Obviously, you will want to use this with some care, especially on remote servers or as the root user.
By combining a couple of the pgrep tricks, the following example offers a nice way of retrieving detailed information regarding the
# ps -p $(pgrep -d, -x sshd) PID TTY TIME CMD 1905 ? 00:00:00 sshd 16863 ? 00:00:00 sshd 16869 ? 00:00:00 sshd
Just for fun, I'll check the difference that adding the
-f flag makes by using the full command (Listing 2).
Listing 2: pgrep with -f
# ps -fp $(pgrep -d, -x sshd) UID PID PPID C STIME TTY TIME CMD root 1905 1 0 Jul03 ? 00:00:00 /usr/sbin/sshd root 16863 1905 0 13:11 ? 00:00:00 sshd: chris [priv] chris 16869 16863 0 13:11 ? 00:00:00 sshd: chris@pts/0
Simply too many scenarios are possible to give the full credit due to pgrep, but the combination of any of the popular utilities (awk, sed, trim, cut, etc.) makes pgrep an efficient script and command-line tool.
Elixir of Grep
As sys admins, we are commonly purging lots of data to get to the precious pieces of information buried within. However, it's not always easy, so now I want to look at another text file of sentences (Listing 3) as an example and try running some regular expressions (regex) alongside grep, starting with:
Listing 3: simplefile
A stitch in time saves nine. An apple a day keeps the doctor away. As you sow so shall you reap. A nod is as good as a wink to a blind horse. A volunteer is worth twenty pressed men. A watched pot never boils. All that glitters is not gold. A bird in the hand is worth two in the bush.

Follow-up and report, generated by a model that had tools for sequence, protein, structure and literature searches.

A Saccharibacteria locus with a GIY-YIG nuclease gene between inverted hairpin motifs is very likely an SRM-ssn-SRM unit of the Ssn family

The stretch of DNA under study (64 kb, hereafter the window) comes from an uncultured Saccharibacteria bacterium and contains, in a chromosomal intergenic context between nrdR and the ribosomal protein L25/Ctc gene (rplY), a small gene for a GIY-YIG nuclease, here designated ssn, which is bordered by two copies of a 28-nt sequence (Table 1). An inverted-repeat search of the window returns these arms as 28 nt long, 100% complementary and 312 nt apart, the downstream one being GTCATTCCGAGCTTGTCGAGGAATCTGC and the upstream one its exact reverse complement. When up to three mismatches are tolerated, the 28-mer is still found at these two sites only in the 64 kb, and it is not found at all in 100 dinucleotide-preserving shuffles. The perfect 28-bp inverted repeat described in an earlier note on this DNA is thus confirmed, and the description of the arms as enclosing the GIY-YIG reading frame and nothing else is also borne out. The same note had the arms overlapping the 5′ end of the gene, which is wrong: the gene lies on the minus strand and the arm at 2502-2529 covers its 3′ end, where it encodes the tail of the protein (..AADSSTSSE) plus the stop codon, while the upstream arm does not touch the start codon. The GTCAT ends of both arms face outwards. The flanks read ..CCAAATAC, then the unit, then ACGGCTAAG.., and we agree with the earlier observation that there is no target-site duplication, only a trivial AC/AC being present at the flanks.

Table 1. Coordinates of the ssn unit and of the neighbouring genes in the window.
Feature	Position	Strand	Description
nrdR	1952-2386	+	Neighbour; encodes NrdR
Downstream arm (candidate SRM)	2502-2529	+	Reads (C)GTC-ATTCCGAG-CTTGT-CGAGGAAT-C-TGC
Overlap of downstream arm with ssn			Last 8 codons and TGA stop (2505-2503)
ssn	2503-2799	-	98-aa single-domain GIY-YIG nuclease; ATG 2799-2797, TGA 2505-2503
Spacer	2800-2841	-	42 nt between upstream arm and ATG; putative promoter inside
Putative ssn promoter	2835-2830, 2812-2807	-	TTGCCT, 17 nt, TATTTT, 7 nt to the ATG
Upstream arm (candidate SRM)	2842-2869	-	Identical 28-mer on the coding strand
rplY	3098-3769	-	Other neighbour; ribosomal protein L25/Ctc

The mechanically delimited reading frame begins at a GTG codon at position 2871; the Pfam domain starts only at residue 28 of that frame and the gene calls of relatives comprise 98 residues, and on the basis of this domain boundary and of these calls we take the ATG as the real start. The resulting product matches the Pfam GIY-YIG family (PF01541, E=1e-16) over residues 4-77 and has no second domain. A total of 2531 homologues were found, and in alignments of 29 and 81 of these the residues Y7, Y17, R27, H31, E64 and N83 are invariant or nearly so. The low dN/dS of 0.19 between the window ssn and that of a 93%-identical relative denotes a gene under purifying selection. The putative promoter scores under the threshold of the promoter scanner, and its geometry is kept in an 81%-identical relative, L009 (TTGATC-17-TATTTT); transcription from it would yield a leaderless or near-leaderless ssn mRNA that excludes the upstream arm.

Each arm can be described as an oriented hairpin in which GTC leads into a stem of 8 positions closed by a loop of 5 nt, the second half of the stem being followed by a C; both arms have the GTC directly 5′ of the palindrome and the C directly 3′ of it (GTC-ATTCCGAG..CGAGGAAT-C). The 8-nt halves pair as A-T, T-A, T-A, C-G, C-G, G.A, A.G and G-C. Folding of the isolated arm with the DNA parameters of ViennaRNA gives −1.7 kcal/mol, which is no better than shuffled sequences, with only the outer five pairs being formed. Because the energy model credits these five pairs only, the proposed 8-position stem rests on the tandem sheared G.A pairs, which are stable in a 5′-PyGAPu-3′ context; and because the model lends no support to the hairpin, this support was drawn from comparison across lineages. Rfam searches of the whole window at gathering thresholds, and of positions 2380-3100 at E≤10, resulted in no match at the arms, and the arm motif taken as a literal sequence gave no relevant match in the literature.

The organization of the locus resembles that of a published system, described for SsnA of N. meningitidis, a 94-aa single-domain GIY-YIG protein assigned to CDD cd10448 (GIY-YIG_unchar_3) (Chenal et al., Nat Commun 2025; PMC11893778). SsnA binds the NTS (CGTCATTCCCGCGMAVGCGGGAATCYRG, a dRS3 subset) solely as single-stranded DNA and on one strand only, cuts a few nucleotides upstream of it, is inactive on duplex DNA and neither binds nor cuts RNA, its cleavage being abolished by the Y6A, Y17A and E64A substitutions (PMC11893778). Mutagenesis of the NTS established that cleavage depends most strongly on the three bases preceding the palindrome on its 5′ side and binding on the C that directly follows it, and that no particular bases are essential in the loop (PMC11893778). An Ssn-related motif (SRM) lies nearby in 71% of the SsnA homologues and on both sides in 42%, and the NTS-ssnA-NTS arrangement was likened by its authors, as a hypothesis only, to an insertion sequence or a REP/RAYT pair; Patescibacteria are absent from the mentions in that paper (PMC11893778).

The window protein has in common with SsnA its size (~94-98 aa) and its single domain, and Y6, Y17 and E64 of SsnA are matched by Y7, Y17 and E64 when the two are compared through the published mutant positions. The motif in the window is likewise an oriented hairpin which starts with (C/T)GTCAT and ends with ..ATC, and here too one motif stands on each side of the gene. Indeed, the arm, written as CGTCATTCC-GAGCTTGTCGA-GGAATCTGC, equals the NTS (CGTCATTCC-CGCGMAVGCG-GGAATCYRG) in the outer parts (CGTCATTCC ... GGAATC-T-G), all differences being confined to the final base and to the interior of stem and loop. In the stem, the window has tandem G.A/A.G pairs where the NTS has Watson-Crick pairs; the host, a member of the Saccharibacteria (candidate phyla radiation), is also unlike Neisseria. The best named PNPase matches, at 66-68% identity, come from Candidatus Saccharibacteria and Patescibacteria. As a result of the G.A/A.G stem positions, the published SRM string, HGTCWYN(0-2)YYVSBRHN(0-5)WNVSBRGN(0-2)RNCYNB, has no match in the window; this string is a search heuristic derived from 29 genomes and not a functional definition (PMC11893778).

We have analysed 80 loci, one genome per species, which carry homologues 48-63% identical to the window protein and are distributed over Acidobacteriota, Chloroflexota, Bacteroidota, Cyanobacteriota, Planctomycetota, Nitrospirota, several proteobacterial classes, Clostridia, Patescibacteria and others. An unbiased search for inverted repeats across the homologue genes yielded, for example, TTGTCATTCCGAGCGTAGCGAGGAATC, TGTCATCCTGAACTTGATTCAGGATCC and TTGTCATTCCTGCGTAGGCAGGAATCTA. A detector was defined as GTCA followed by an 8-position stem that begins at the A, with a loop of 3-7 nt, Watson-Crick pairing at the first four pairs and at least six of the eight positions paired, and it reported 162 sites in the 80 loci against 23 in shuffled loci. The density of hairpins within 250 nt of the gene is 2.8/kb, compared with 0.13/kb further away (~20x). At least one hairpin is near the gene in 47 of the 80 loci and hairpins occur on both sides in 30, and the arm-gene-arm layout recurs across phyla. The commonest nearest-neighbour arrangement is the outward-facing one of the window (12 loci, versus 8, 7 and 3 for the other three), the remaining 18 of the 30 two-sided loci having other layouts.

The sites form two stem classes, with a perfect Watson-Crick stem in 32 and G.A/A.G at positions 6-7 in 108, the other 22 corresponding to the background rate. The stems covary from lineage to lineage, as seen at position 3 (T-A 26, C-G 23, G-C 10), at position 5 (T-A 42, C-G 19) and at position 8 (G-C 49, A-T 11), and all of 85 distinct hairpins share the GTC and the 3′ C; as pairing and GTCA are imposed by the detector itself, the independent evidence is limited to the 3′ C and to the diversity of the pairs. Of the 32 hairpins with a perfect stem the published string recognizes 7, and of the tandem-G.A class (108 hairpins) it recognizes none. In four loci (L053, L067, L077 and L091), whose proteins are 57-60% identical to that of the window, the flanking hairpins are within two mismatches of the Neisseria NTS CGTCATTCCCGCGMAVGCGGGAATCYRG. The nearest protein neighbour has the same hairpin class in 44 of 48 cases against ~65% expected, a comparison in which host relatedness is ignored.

# grep "^[[:upper:]]" simplefile
The output of this command shows which characters are uppercase (Figure 8). Those readers who are familiar with regular expressions know that the
[[:upper:]] regex is the same as
Similarly, to look for an uppercase followed by a lowercase character at the start of the line, entering
# grep "^[A-Z][a-z]" simplefile
outputs the results shown in Figure 9. Many other regex potions suit the powerful grep command. The resources online are extensive, so I'll move on to yet more derivatives.
Master of Many Forms
The various incarnations of grep have taken many forms. Back in the day, grep was actually a function of the somewhat old-school editor
ed. The easy-to-use ed was very similar to
vim in the sense that it used the same set of colon-based commands. From within this clever editor, you could run a command starting with
g that enabled you to print (with
p) all the matches of a pattern:
From these humble beginnings, a standalone utility called grep surfaced, toward which you could pipe any data.
Thanks to grep's pervasive acceptance, the sys admin's vernacular even includes some highly amusing references in its lexicon. For example, are you familiar with vgrep, or visual grep , which takes place when you quickly check something with your eyes instead of using software to perform the task?